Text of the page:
Here are their SCN numbers after I create a database link between the two and before I use the database link:

NLSRTL Version 11.2.0.3.0 - Production

ORCL:SYSTEM>ORCL:SYSTEM>
     CURRENT_SCN
----------------
         1003971
         
NLSRTL Version 12.1.0.2.0 - Production

ORCL:SYSTEM>ORCL:SYSTEM>
     CURRENT_SCN
----------------
         1858602

Here are their SCN numbers after an update over a link:

NLSRTL Version 11.2.0.3.0

ORCL:SYSTEM>ORCL:SYSTEM>
     CURRENT_SCN
----------------
         1859090
 
NLSRTL Version 12.1.0.2.0

ORCL:SYSTEM>ORCL:SYSTEM>
     CURRENT_SCN
----------------
         1859091

I did the same thing with a select statement and got the same sort of synchronization of SCN numbers.

Knowing that database links cause SCNs to sync I started looking at our SCNs on all of our databases and found that there were two groups of databases with very similar SCNs. One group’s SCN was around 475,000,000,000 and the other group’s SCN was around 970,000,000,000.

But, based on the documents that I have read the max SCN for May 16th, 2018, today, is almost 16 trillion. We are under 1 trillion on our busiest system so we have a lot of headroom. The Oracle support documents say that there is some internal limit to how much your SCN can grow and Oracle bases the limit on the number of seconds since midnight January 1, 1988. You multiply the seconds by 16K SCN numbers per second to get the max SCN for today’s date. I found a lot of this math in scnhealthcheck.sql which Oracle’s Doc ID 1503937.1 includes.  I hacked it into different pieces that I found helpful but I didn’t think I should post them because it is a copyrighted script. Just download it from Oracle support and see if what I’m saying makes sense.

Anyway, after reading up on all this stuff I don’t think that the SCN issues with database links apply to us. We have far too much headroom. Maybe a company with higher transaction rate databases would be closer to the limit. We will find out on June 23, 2019 if I am right.

Bobby

Categories: DBA Blogs

Post Collaborate and on call week post

Wed, 2018-05-02 11:59

So, I was at the Collaborate 2018 Oracle user group conference last week and I am on call this week. I have not posted anything about the conference so I thought I would try to get something out there.

I did my Python and Toastmasters talks. I’m not sure how people received these. Both of these talks sort of loaded extra burden on the Oracle DBAs who attended. One talk said they should learn Python and the other said they should join Toastmasters. I think both had good information and valuable advice. But I got the feeling looking into people’s eyes that I was just adding a weight to their already heavy load. Maybe next time I do some talks I should focus on teaching something that can help lighten people’s load. They should take something away from the talk that they could use right away and not have to go do a bunch of extra work. I’m not sure.

The Toastmasters talk was poorly attended just as it was at RMOUG Training days. I was able to convince the people who run the conferences to let me do the talk but it didn’t attract attendees. Maybe the next time that I do a talk on soft skills I should give specific helpful advice instead of just talking about a program that people could join. A couple of IOUG leaders at my talk made similar suggestions. I guess with the two conferences behind me I’m reviewing what I did and how I can improve. Of course people were appreciative of my efforts since I’m just a volunteer speaker. But, I would like to get better.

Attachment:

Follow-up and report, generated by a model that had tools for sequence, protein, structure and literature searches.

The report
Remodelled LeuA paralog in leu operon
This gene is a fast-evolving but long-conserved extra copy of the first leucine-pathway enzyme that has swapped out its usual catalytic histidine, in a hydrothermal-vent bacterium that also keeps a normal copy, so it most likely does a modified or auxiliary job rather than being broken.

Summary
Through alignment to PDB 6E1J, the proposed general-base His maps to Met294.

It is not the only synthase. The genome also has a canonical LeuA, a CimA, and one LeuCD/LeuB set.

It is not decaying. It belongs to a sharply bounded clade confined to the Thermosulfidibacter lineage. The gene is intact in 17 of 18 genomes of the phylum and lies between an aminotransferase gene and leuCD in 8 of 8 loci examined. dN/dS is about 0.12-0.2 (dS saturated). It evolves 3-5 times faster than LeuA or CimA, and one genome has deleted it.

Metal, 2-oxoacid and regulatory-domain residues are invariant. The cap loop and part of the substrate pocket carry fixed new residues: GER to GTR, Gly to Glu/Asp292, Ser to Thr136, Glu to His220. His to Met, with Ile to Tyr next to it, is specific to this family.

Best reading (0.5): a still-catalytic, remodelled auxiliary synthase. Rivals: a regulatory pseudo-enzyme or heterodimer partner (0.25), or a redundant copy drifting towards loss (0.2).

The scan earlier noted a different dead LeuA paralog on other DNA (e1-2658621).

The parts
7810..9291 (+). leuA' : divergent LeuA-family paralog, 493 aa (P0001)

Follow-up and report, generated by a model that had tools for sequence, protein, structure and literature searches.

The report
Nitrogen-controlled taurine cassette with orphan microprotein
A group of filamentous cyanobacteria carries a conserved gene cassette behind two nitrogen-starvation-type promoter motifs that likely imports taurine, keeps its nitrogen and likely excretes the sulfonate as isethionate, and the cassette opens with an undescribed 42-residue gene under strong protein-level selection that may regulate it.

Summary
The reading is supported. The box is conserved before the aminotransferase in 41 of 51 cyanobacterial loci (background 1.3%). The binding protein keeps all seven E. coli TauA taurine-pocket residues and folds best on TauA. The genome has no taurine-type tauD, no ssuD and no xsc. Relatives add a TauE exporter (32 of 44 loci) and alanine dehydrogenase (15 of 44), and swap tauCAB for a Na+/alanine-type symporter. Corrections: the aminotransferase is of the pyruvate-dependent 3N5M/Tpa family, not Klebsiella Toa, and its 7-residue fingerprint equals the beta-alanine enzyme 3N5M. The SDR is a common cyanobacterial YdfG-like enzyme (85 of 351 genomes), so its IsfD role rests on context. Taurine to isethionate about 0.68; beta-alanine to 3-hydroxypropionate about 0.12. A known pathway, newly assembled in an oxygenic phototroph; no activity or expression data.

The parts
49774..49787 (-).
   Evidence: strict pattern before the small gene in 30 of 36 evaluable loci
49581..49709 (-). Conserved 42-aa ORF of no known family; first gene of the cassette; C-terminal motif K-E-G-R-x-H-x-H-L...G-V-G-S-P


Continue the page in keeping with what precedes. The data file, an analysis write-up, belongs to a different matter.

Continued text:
I think next time I talk about Python I want to do a demo. They say a picture is worth a thousand words. I think the same is true about demos. I talked about why Python is a good language for Oracle DBAs to use with just a bunch of slides. Maybe I could have made similar points in the context of a live demo. I have some Toastmasters talks coming up. I may work in a demo or two to get some practice doing that sort of talk.

I enjoyed attending the sessions. When I wasn’t presenting I attended a variety of sessions. In the past I would focus on Oracle performance tuning talks but this year I looked for other topics that are current.

I did go to two Oracle new features talks. One funny thing happened. I think both speakers talked about Oracle’s new autonomous data warehouse and how it would get rid of a lot of normal DBA work. Then both speakers went on to detail all the complex new features that are in Oracle 12.2 and 18c. It made me laugh because in the same hour talk they contradicted themselves. First they said all this DBA work is going away and then they listed a pile of new features that DBAs need to learn. Funny. I don’t buy all the autonomous stuff for a second. It is all hype like a lot of things. Think about SQL optimization. People have tried for decades to write a SQL optimizer and they still can’t make one that works. I think there are some things that we just can’t do and SQL optimization is one of them. I have no reason to think that the machine learning and AI that will supposedly drive the autonomous data warehouse will work any better than the optimizer. Time will tell.